Our first stop in Argentina was Córdoba, a wonderful city about the size of Phoenix, AZ. It was there that our true exchange experience began. An unexpected yet delightful surprise was awaiting us. Fernando Piñero, the director of the Córdoba Suzuki program Escuela de Música Shinichi Suzuki de Córdoba, made a special trip to the airport just to greet us! He made us each feel so welcome from the moment we set foot in Argentina, which was wonderful foreshadowing for the hospitality we would experience for our entire trip. We were exhausted and excited all at the same time. After we checked into our hotel, we went to spend time with our Suzuki hosts in Córdoba. As we walked off the bus, the students came out of the building and greeted each of us with a hug and a kiss on each cheek, a custom I found so much more welcoming and intimate than the traditional American handshake. That was our first instance of cross-cultural exchange, where we learned to adapt and appreciate the culture of another. Most of us embraced their openness from the beginning but for others it took a little longer. After a few brief introductions to meet students, parents, and teachers, we took out our instruments and performed one or two pieces. Of course, that was immediately followed by a Suzuki play-in. There is nothing quite like the feeling you get when you play music with someone else. It’s not just the lyrical connection of sounds, but also an actual intertwining of souls. In many cases, you can learn as much about others from watching their vibrato as you can from talking with them for hours. Even those of us who were less proficient in Spanish still felt a profound connection to the students from Fernando’s school in Córdoba after we played even the simplest songs of the Suzuki repertoire with them. An amazing feast prepared by the parents of the Córdoba students topped off our musical experience. The meal was delicious and exciting, complete with new foods and tastes. After the meal, Fernando organized a series of games for all of us to play that would cement our budding relationships. Even with the language barrier, playing games, such as building a tower of shoes, untangling people from a web of string, and going on a scavenger hunt, seemed effortless. The highlight of the night was a rousing game of Quackadilly-Oh-My that had everyone involved either playing or cheering and by the end we were all roaring with laughter. We went back to our hotel exhausted but knowing that after just a few short hours in Córdoba, we had already made friends.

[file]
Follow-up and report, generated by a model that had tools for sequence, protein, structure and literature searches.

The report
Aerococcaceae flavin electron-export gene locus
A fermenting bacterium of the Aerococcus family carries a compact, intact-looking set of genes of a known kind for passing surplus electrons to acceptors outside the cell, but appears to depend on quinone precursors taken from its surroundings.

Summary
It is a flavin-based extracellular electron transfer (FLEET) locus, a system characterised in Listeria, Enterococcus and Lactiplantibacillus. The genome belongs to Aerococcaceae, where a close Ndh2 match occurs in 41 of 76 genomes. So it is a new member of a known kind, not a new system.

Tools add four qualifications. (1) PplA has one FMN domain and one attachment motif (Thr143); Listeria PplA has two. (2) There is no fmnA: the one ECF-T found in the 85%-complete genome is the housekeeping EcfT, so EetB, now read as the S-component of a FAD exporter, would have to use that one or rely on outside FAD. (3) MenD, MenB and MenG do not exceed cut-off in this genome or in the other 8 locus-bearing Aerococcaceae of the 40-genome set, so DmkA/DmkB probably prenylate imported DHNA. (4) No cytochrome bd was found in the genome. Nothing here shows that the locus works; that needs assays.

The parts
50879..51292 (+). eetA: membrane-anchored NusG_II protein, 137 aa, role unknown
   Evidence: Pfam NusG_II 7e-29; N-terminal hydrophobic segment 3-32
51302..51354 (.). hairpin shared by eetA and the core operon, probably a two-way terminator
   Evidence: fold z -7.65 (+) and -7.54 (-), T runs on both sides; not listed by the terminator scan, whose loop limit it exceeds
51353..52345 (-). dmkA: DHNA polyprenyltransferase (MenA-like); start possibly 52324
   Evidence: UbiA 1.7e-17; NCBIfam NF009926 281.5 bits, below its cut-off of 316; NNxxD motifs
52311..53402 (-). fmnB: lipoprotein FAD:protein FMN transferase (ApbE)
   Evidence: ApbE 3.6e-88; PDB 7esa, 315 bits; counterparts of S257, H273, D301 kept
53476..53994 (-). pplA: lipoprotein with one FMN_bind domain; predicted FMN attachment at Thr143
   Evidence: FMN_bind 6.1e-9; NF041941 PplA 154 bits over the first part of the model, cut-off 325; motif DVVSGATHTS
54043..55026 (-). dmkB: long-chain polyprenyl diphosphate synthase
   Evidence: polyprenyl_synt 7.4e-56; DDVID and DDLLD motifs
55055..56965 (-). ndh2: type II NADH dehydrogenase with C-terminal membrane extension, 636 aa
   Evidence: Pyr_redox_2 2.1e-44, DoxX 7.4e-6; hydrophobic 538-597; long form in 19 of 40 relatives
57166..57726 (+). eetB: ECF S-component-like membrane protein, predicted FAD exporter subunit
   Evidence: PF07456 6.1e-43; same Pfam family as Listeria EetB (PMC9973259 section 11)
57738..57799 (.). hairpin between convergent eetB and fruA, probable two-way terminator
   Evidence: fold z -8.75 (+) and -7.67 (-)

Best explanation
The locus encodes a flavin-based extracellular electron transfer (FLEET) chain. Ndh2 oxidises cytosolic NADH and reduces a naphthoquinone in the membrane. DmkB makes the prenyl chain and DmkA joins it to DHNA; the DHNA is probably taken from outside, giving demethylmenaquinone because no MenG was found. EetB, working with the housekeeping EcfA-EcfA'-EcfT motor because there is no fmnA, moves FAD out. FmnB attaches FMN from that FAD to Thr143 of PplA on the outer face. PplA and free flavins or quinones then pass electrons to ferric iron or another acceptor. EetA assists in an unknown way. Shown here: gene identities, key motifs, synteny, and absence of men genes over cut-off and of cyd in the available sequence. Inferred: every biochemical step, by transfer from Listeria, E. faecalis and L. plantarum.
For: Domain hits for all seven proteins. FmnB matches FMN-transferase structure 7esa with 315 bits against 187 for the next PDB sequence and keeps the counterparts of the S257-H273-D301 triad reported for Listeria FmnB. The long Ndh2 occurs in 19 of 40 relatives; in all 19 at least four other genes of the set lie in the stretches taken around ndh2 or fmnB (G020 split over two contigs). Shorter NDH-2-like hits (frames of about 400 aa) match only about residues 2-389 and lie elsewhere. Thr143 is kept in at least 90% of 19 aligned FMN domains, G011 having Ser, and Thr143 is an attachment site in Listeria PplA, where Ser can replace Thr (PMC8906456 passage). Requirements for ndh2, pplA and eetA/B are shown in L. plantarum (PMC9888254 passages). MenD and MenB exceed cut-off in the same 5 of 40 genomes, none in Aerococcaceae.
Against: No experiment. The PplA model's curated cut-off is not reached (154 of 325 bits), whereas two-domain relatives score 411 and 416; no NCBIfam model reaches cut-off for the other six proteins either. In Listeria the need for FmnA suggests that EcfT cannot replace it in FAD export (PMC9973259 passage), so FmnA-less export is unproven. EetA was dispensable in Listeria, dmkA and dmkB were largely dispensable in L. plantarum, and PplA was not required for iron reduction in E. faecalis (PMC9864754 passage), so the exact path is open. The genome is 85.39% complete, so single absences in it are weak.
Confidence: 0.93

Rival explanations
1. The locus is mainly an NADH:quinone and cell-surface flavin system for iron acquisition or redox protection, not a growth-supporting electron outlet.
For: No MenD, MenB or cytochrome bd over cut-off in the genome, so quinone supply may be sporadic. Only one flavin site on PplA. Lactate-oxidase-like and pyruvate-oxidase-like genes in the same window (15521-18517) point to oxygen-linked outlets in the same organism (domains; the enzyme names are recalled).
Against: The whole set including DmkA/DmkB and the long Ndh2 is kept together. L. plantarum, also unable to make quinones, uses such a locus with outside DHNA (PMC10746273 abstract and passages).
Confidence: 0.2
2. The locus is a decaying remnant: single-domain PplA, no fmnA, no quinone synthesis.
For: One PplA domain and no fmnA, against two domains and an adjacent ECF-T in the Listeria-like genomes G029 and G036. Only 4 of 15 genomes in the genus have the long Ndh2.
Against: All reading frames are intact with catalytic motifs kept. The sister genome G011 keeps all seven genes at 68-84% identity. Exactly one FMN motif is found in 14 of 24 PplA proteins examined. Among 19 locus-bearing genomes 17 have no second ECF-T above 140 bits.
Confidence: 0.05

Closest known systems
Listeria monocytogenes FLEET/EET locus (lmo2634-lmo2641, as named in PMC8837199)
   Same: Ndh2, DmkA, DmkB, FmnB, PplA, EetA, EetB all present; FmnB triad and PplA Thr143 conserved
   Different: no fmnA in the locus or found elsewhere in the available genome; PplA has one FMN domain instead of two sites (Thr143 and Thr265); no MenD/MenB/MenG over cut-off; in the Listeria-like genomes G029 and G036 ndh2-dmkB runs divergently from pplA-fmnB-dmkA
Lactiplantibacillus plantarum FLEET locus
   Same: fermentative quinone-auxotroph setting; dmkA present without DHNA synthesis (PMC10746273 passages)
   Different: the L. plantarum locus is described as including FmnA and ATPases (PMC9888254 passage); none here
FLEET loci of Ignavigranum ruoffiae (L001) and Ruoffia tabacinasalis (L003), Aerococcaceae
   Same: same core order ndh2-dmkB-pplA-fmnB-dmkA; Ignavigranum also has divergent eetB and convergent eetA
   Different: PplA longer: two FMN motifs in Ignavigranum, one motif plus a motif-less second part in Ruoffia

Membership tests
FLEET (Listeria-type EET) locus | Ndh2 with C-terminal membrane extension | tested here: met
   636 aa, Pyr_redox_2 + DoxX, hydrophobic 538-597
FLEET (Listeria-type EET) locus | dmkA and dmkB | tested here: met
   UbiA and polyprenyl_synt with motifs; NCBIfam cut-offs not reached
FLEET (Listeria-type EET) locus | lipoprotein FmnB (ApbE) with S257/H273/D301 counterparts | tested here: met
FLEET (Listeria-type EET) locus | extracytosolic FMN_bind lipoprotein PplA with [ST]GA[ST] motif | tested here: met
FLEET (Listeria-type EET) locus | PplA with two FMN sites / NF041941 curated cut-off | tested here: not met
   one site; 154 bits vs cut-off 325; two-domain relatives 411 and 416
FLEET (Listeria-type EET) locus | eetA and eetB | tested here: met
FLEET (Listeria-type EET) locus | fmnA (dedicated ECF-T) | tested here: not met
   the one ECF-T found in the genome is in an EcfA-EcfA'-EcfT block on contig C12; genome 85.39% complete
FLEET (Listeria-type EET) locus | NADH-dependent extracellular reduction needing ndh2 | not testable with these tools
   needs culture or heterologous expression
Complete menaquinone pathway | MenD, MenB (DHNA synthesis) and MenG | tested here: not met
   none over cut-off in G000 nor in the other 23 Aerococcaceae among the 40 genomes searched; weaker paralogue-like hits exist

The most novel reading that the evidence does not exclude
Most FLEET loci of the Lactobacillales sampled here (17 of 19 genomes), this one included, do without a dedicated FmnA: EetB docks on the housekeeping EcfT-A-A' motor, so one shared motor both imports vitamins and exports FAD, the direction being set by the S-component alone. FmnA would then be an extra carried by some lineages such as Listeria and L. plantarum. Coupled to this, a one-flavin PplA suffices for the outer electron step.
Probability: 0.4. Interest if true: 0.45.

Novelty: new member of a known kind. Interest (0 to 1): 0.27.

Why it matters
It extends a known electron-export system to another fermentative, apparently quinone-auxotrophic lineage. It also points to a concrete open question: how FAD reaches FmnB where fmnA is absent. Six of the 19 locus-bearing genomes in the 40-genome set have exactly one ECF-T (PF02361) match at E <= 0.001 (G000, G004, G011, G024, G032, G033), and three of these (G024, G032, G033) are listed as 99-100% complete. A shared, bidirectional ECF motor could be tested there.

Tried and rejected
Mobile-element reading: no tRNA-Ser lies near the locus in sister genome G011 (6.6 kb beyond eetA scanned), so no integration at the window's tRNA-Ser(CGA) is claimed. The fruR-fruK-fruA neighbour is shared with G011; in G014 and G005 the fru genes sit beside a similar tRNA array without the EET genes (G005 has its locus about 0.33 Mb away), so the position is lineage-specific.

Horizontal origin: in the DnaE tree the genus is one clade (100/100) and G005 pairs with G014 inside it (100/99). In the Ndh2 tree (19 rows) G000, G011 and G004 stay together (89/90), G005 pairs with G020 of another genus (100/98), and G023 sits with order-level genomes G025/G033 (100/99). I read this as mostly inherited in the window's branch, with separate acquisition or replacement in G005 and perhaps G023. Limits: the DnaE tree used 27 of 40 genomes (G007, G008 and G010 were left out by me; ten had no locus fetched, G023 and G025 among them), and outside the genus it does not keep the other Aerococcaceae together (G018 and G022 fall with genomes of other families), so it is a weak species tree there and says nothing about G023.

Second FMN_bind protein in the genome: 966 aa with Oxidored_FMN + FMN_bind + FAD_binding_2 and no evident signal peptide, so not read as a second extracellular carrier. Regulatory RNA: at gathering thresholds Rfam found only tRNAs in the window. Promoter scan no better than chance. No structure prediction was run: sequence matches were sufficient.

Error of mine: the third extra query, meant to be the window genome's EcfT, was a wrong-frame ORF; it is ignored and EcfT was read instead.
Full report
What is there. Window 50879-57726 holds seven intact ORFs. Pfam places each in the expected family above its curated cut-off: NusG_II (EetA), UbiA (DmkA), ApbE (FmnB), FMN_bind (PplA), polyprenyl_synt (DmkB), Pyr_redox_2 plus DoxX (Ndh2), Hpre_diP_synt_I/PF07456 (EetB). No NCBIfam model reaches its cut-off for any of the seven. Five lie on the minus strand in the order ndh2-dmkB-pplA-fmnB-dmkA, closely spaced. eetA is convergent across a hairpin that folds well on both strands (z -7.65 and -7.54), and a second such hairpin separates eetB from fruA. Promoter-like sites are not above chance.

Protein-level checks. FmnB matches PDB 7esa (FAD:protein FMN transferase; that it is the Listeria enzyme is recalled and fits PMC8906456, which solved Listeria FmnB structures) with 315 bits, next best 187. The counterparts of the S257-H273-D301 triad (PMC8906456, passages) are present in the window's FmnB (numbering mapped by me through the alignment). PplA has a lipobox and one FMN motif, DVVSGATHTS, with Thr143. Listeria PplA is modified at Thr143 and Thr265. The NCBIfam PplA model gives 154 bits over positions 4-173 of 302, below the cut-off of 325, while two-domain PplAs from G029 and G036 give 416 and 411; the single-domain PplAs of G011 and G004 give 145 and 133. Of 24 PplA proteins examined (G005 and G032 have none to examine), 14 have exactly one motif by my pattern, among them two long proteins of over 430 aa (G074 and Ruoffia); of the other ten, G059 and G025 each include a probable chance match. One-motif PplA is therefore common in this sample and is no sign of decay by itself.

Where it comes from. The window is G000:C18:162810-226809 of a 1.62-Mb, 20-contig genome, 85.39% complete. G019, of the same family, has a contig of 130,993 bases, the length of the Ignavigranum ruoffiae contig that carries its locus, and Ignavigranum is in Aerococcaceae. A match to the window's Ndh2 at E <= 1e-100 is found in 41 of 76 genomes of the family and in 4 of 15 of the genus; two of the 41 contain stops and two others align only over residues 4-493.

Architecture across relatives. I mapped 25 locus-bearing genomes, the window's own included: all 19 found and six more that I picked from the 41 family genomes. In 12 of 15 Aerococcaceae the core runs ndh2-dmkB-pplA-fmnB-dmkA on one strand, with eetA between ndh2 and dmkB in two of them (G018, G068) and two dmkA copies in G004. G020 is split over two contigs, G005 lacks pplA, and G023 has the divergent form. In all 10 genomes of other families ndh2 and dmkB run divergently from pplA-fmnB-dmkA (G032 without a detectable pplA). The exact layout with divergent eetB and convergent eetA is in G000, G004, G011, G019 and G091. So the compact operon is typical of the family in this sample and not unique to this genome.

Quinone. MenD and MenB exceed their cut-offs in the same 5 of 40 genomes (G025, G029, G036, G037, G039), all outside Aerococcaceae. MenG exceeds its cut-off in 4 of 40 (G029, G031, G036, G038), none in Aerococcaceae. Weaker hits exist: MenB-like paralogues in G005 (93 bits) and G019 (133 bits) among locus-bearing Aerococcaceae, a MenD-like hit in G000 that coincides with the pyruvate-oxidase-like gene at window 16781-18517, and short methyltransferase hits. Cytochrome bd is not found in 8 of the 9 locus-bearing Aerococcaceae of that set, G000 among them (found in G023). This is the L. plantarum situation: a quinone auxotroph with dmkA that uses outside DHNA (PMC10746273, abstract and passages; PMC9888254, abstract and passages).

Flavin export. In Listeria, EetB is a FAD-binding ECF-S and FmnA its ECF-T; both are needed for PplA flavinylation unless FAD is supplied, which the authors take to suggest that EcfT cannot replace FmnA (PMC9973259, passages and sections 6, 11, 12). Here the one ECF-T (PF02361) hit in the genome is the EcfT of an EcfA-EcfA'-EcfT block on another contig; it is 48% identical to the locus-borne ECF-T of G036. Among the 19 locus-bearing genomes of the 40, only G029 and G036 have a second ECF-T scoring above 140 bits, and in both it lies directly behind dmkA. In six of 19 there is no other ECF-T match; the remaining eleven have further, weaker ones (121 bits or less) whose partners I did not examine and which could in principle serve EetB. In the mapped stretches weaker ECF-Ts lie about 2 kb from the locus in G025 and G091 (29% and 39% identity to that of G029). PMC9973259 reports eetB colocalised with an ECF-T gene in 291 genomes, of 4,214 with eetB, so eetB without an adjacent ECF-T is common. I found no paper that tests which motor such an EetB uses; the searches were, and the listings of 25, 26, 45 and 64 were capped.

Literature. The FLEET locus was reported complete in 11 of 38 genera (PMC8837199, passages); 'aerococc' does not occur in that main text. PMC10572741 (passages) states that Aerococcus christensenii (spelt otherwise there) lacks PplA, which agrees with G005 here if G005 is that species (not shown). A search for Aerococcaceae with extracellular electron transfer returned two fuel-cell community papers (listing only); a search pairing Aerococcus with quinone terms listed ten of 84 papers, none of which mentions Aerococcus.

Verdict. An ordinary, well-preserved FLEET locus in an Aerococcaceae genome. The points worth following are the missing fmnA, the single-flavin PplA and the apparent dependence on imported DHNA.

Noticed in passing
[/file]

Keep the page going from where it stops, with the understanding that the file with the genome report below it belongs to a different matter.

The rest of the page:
From Cordoba and Buffalo, new friends
Our trip to Córdoba involved sightseeing and the opportunity to visit the countryside. The entire country of Argentina has a marvelous history, and everywhere we went, people shared stories and memories. While in the city, we visited many places, including Plaza San Martin, the Cathedral, El Cabildo, Compañía, Manzana de las Luces, and the Universidad Nacional de Córdoba. More than anything else, we loved just walking around watching people in this beautiful city. Our group also visited the quaint village of Alta Gracia in the nearby countryside that had a rich history of its own. While there we visited the home, now a museum, of the famous composer Manuel de Falla. The guide in the museum was very proud and informative and when he discovered that we were a group of classical musicians; he unlocked de Falla’s piano and allowed our piano students to play on it! What an incredible and unforgettable experience.
Suzuki Workshop in Cordoba: Fernando Pinero, Mary Cay Neal, David Levine and colleagues
Over our four days in Córdoba, we spent considerable time with the students from Fernando’s program and each occasion brought us closer. It became easier to understand each other, we laughed more and we fully embraced the goal of our trip: “World harmony through music.” While there, Mrs. Neal conducted teacher training workshops, and Mr. David Levine, Assistant Music Director of BSS, offered a workshop for teachers on teaching multilevel Suzuki groups. Since Mrs. Neal is a violin teacher trainer who studied with Dr. Suzuki for many years, the teachers were eager to hear her speak about Dr. Suzuki’s methods and philosophy. Mr. Levine spoke about creatively teaching multi-level group classes which he has had much experience doing at Buffalo Suzuki Strings. In addition to the work they did with teachers, both Mrs. Neal and Mr. Levine taught lessons and group classes for the students in the Escuela de Música Shinichi Suzuki de Córdoba.